(loss of the promoter and first two exons) and sicilyE
Figure 2. XE07 corresponds to CG15738 (sicily), the fly homologue of human C8ORF38. (a) Schematic representation of the molecular lesions of XE07 alleles. (b) Extent of a genomic rescue construct and its mCherry-tagged version. The 5′ of CG15738 contain (more ...)
The human homologue of Sicily, C8ORF38, is a mitochondrial CI assembly factor. Patients with mutations in C8ORF38
presented with Leigh syndrome and CI deficiency (Pagliarini et al., 2008
). Similar to its human homologue, Sicily possesses a predicted NMTS (11 aa). 70% of the protein consists of an evolutionarily conserved domain with unknown function (Fig. S2 c, black bar). Despite its similarity to the predicted evolutionary origin of squalene and phytoene synthase (~40% based on Pfam prediction), several key amino acids conserved in most squalene and phytoene synthases are absent in this domain (Robinson et al., 1993
), suggesting that it may not possess an enzymatic function.
Genomic rescue constructs () rescue the lethality (Fig. S2 b), ERG defects (), and retinal degeneration () associated with the loss of sicily
for all alleles. Ubiquitous expression of the CG15738
cDNA using the GAL4/upstream activation sequence (UAS) system (Brand and Perrimon, 1993
), driven by daughterless
also rescues the lethality and phenotypes associated with all alleles (unpublished data), demonstrating that sicily
indeed corresponds to CG15738
. In addition, ubiquitous expression of human C8ORF38
cDNA also rescues the lethality and ERG defects (; and S2 b), indicating that the function of sicily/C8ORF38
is conserved between flies and human.
To determine whether sicily
affects CI function, we performed the ETC assay and found that the CI activity is severely compromised in sicily
mutants when compared with wild type (). To further test whether sicily
affects the protein level of CI subunits, we immunoblotted purified mitochondria of sicily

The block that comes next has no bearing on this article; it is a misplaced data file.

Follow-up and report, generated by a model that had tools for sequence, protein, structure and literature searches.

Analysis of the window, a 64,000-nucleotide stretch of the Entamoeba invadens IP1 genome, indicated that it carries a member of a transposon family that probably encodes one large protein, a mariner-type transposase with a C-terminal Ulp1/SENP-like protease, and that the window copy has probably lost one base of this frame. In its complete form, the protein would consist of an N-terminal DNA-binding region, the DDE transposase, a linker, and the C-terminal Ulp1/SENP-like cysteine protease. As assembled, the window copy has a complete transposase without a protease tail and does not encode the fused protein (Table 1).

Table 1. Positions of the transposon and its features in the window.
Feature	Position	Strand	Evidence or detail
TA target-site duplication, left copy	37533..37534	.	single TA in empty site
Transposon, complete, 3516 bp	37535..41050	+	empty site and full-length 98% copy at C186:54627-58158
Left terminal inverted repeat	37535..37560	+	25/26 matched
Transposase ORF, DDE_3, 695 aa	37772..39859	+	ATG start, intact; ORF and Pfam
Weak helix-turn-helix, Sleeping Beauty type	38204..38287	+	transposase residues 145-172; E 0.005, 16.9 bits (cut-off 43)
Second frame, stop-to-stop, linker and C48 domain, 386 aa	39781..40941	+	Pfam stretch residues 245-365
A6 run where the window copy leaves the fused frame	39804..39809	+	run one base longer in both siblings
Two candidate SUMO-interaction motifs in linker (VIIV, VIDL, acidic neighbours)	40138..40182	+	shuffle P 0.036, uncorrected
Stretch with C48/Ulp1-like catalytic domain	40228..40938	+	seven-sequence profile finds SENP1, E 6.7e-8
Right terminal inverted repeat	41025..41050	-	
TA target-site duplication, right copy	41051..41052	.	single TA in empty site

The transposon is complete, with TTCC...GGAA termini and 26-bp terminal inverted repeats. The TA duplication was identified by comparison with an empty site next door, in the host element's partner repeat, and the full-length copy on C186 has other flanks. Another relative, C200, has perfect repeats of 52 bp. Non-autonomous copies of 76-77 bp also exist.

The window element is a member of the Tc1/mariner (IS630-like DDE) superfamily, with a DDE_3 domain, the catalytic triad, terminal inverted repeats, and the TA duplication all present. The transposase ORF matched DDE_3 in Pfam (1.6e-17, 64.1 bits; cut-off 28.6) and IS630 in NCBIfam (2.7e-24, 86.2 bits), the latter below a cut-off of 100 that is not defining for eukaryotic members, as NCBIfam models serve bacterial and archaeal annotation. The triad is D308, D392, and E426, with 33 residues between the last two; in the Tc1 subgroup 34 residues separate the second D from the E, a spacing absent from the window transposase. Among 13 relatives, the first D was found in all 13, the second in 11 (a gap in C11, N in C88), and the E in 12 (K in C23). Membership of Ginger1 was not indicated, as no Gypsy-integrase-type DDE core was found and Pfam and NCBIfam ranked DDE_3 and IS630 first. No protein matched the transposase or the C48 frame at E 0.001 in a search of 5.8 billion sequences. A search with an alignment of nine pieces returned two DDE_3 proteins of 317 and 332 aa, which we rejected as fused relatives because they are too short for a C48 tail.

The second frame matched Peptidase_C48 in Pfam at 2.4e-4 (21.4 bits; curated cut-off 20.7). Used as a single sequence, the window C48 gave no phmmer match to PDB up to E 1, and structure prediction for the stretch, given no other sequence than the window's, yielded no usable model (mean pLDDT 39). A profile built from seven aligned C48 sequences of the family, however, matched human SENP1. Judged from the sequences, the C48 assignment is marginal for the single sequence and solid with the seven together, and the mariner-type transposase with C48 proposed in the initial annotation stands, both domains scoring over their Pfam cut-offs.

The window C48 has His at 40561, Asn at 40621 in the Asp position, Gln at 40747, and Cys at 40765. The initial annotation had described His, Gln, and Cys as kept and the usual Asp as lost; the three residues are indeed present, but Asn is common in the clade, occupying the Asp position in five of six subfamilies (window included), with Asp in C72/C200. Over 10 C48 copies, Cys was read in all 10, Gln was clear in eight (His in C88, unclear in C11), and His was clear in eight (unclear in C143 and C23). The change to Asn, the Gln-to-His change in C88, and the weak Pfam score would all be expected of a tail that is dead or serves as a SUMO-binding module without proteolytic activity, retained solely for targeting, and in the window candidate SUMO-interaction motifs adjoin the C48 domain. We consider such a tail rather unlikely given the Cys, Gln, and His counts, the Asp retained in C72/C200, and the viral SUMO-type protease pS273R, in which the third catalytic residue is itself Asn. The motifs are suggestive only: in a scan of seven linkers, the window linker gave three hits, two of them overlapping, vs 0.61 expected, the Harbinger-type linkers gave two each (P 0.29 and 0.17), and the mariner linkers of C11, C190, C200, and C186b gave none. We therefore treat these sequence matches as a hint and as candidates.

mutants with eight different antibodies raised against human CI subunits. Only two, NDUFS3 (Bratic et al., 2011
) and NDUFA10 (ND42 in Drosophila
), cross-reacted and were specific. Both NDUFS3 and ND42 are severely down-regulated in sicily
mutants, whereas other mitochondrial proteins, including Porin (Graham et al., 2010
) and cytochrome c
, are unaltered or slightly increased (). These data indicate that sicily
affects CI, in agreement with previous findings for C8ORF38
(Pagliarini et al., 2008
; McKenzie et al., 2011
; Zurita Rendón and Shoubridge, 2012
CI is responsible for most cellular ROS production in mitochondria (Brand, 2010
), and impairment in CI activity often results in oxidative stress (Owusu-Ansah et al., 2008
; Owusu-Ansah and Banerjee, 2009
). To test this, we performed the aconitase assay, an indicator of ROS-mediated oxidative damage (Yan et al., 1997
), and found that aconitase activity is severely decreased in sicily
mutants, whereas the in vitro reactivated aconitase activity remains unaltered (), suggesting that the ROS levels are chronically increased in sicily
mutant cells (Emptage et al., 1983
). We also confirmed that the ROS level is increased in sicily
mutant tissues based on MitoSOX staining (Invitrogen; unpublished data; Yarosh et al., 2008
). ROS damages the proper folding of proteins that can activate Hsp60 (Yoneda et al., 2004
; Bayat et al., 2012
). As shown in , Hsp60 is up-regulated, suggesting that sicily
mutants may contain misfolded mitochondrial proteins.
Sicily interacts with the preproteins of ND42 and NDUFS3 before their mitochondrial import